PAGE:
Blaber's book is a quick and easy read. He uses a series of anecdotes about Delta Force missions and training to lay the groundwork for describing an...moreBlaber's book is a quick and easy read. He uses a series of anecdotes about Delta Force missions and training to lay the groundwork for describing an approach to planning and executing plans that differs from how the "regular" Army does things. Given the material provided, it's hard to argue with his conclusions, but of course, the regular Army commanders who are painted as egotistical blundering idiots aren't around to defend their actions. At face value it's hard to disagree with any of Blaber's positions, but like all things, the truth is likely somewhere in between.
I certainly applaud the common theme he had of getting the opinions and recommendations from numerous sources and especially from the man on the ground. Not believing he could see and know everything from his command post shows real wisdom. Few leaders are willing to trust their subordinates this way, oddly believing that they are in command because the must "know" better, though that is often far, far from the truth. Another equally important lesson Blaber describes is to not to rely too heavily upon technology - he gives several examples where that approach effectively put blinders on higher headquarters, leading to counterproductive decisions.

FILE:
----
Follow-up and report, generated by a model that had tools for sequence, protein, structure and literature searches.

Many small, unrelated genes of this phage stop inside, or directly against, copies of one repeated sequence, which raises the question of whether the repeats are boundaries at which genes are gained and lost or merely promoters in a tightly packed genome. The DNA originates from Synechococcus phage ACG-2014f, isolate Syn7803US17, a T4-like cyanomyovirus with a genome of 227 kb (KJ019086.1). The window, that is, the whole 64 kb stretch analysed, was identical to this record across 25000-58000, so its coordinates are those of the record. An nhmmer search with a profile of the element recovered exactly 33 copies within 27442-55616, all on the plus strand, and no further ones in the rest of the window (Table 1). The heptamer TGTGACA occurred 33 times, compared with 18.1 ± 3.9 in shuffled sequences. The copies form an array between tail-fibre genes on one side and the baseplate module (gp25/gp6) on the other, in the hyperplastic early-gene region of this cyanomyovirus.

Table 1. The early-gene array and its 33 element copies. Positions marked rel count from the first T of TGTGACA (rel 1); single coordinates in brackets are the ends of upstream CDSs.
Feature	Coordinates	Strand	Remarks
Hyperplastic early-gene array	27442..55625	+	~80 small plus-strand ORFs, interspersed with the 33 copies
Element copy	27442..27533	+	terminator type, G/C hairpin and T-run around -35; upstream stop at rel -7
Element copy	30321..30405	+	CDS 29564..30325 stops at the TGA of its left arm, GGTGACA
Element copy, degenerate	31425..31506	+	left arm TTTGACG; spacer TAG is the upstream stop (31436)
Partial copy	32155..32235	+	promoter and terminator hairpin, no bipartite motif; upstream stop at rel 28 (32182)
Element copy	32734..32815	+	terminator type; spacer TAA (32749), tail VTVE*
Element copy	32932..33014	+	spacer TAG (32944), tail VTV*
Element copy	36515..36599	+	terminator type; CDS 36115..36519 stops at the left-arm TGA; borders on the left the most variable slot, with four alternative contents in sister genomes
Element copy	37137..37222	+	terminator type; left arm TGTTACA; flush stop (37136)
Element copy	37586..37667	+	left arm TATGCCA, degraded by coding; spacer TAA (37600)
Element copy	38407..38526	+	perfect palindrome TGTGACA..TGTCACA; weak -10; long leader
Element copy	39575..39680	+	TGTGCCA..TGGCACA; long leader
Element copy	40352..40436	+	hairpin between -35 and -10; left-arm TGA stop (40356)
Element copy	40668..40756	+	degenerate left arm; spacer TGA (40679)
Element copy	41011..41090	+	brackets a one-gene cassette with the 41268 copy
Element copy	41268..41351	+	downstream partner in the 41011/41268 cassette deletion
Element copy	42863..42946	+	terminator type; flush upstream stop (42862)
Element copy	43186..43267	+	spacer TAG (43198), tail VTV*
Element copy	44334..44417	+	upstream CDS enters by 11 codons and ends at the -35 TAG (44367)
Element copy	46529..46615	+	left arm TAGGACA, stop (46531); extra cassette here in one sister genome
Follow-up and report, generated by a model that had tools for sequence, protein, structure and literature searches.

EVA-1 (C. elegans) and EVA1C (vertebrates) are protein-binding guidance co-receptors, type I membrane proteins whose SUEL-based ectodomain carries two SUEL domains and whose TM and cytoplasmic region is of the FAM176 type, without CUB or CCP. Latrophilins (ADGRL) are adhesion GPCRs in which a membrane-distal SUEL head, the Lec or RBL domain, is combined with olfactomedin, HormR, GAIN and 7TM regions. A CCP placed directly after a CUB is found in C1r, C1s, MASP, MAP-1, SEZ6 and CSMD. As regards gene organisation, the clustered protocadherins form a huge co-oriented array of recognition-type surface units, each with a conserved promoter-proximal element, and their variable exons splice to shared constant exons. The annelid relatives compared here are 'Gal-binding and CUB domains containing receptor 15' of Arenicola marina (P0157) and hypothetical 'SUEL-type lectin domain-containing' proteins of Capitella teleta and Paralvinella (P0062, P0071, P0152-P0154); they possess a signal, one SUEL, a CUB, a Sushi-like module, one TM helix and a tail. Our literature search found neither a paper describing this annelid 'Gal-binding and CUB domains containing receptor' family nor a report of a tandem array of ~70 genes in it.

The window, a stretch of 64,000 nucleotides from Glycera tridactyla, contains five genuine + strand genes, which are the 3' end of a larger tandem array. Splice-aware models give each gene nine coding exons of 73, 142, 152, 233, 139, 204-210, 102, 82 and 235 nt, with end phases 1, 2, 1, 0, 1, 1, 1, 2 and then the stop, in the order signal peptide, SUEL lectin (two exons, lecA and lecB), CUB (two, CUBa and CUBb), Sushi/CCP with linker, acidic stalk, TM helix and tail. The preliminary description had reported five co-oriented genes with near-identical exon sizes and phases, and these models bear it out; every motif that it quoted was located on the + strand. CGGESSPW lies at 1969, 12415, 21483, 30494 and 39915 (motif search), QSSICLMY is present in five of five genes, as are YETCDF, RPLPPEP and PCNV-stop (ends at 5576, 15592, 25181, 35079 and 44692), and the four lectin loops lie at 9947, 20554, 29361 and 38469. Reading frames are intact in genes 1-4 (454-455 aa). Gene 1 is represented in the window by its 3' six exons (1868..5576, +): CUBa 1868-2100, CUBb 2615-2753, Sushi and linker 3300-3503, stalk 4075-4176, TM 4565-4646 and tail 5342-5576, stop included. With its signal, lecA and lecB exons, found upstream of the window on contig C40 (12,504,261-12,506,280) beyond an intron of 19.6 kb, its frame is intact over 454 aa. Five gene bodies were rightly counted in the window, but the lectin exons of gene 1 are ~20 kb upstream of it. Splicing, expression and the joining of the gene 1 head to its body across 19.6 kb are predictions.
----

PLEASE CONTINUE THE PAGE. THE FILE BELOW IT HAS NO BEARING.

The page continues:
Blaber summarizes his lessons as:
• Don't get treed by a Chihuahua - don't let your imagination or misunderstanding of facts/events color your decision-making process. • When in doubt, develop the situation - this one was key - take the time to find out more about what's happening rather than going off half-cocked. • Humor your imagination - when developing plans use the brain-storming approach and think outside the box. • It's not reality unless it's shared - information is of no value if it's not shared among the members of your organization/team. Compartmentalization works against understanding, which undermines effective planning or reactions. • Always listen to the guy on the ground - this includes all sources, not just those of your own men. Their proximity to the point of action gives them a perspective that higher headquarters nearly always lack, and thus an understanding of the battlefield that higher HQ should respect.
This book provides a valuable operational history of Operation Anaconda but also valuable lessons for business and life in general.
Very worthwhile reading on the war both from a what-is-happening perspective, and a what-should-be happening perspective in Afghanistan as far as US i...moreVery worthwhile reading on the war both from a what-is-happening perspective, and a what-should-be happening perspective in Afghanistan as far as US involvement is concerned.(less)
This book is described as a "Blackhawk Down" of the Afghanistan war. In some respects that's true - a screwed up mission attempted despite its many (a...moreThis book is described as a "Blackhawk Down" of the Afghanistan war. In some respects that's true - a screwed up mission attempted despite its many (and obvious) flaws, resulting in numerous deaths and casualties. I suppose the most disturbing part of this story is the aftermath when the spin doctors in the US Army declared it a success despite its actual failure to achieve its defined mission. This leads one to wonder if any lessons were learned at the *higher* command levels (there is no doubt they were learned at the tactical level).
The story of how these men fought despite their severe tactical disadvantage and continued to fight despite terrible wounds shows that the spirit that was present in earlier Special Forces soldiers runs deep in this generation's. It is sad, however, to see such valor squandered as was the case on this mission. (less)